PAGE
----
While I am not technically Irish, I have always had a great fondness for the fair people of the Emerald Isle, and even more so, their holiday. Maybe I enjoy St. Patrick’s Day so much because of it’s heralding of spring, or it’s wonderful gastronomical traditions (mmmmm, corned beef and cabbage!!), but most likely it is the requisite booze consumption that most likely fuels my love for this great day. I was inspired this year by a beautiful construction of TheNaptimeChef, Chocolate Mint Fudge Cake Pops. I have been thinking about making cake pops for ages now, ever since I first saw Bakerella‘s amazing creations, but have never really had the motivation. I decided Tuesday this was my moment! So off to the cake supply store I went. Thankfully I did a little research, of which I will share some important tips I found out below.
I did make one significant change from TheNaptimeChef’s recipe. Instead of using cream cheese, I went the Bakerella route and used cream cheese icing as my binder. Three quarters of a standard icing container was just the right amount to give my cake the right dough-like consistency. I think it really added to the taste as well.
Now for a few tips I learned that helped make my first ever cake pops a success:
- Chill: After forming the cake into 1″ size balls, chill in the freezer for 15-20 minutes (can be done in the fridge, but it takes much longer and I was short on time).
- Sticks: Warm your coating chocolate and dip the ends of your pop sticks in it (shake off excess) before inserting into the cake balls. Once you have the sticks in, put back in the freezer for a few minutes.
- Cool: Don’t leave the cake pops in the freezer too long. If they are super cold, when you try to dip them in the chocolate, the cake will expand and crack the coating. If they do spend an extending time in the freezer, just take them out and let the sit at room temp for a bit. You want them cool, but not cold.
- Chocolate: From all the negative things I read, Wilton’s melting chocolate is NOT good for coating. I went to a specialty party supply store to track down Merckens coating chocolates, as recommended by Bakerella and several others. They can also be obtained online. Made for a nice, shiny coating.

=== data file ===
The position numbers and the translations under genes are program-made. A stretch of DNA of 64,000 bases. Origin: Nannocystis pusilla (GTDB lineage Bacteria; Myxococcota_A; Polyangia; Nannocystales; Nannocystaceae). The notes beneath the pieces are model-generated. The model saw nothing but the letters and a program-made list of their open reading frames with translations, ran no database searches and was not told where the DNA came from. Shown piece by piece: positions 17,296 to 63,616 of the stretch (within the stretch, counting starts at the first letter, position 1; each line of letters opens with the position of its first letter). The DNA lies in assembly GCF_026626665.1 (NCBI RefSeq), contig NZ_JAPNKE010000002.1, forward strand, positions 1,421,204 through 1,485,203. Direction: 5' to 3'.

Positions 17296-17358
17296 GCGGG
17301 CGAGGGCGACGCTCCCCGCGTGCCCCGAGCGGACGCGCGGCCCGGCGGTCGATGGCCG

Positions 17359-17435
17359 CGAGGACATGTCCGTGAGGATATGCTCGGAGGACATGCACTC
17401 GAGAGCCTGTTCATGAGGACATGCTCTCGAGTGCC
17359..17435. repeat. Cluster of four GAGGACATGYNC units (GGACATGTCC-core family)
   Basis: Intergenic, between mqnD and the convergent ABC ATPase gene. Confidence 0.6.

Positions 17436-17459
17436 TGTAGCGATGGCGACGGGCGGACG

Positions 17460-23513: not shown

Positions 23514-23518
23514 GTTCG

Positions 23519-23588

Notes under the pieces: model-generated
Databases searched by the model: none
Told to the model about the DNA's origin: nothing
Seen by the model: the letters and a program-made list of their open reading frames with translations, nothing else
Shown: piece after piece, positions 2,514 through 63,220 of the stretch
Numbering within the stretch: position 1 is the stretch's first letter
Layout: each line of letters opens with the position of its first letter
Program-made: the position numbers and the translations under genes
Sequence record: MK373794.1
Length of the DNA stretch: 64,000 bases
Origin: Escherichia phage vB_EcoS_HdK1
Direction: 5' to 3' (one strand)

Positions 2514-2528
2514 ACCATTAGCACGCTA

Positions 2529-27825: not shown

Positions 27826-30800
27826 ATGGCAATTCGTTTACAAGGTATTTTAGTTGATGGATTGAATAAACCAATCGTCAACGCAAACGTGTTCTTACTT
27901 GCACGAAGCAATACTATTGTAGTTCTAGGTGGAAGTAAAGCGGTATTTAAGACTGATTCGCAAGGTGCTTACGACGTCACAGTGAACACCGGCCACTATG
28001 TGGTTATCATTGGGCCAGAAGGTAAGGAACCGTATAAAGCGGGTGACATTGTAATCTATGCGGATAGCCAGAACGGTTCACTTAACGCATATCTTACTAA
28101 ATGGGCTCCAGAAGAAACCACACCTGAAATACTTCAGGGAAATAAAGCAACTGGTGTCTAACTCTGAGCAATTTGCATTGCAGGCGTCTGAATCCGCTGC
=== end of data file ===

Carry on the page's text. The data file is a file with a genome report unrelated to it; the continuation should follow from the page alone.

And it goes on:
- Paramount Crystals: These saved my bacon, big time! Even with using the Merckens coating chocolates, the green chocolate in particular was very thick and not very smooth. Thanks to some recommendations from a cake pop discussion group, I picked up a bag of Paramount Crystals, and they worked great. I just added a few pinches at a time and stirred them into the warm green chocolate until it reached the right consistency. Supposedly you can also use vegetable shorting or vegetable oil, but I have heard if your not careful, it can make your chocolate too runny, make it look dull, and/or keep it from hardening to a good shell.
- Emergency: If one of the cake balls does fall off the stick (happened to several of mine), use a spoon in the chocolate to finish coating it. Then put it, with it’s stick re-inserted, on some wax paper and let it harden. Hopefully the stick will re-attach (mine all did), then you can just dip the top of the pop into your warm chocolate and add your sprinkles or whatnot.
Overall, I am very pleased with how my first cake pops turned out. Also, I have been told by many taste testers that they were quite yummy. The hint of mint was really a key touch. I do caution, these were very labor-intensive. One box of cake mix made approximately 50 cake pops. I didn’t quite get them all dipped (I threw in the towel at midnight), but I got about 40 or so done in a little less then 4 hours. They are a great creative canvas though, and fun to give out to friends as a treat. I am already thinking about a new cake pop idea for Easter!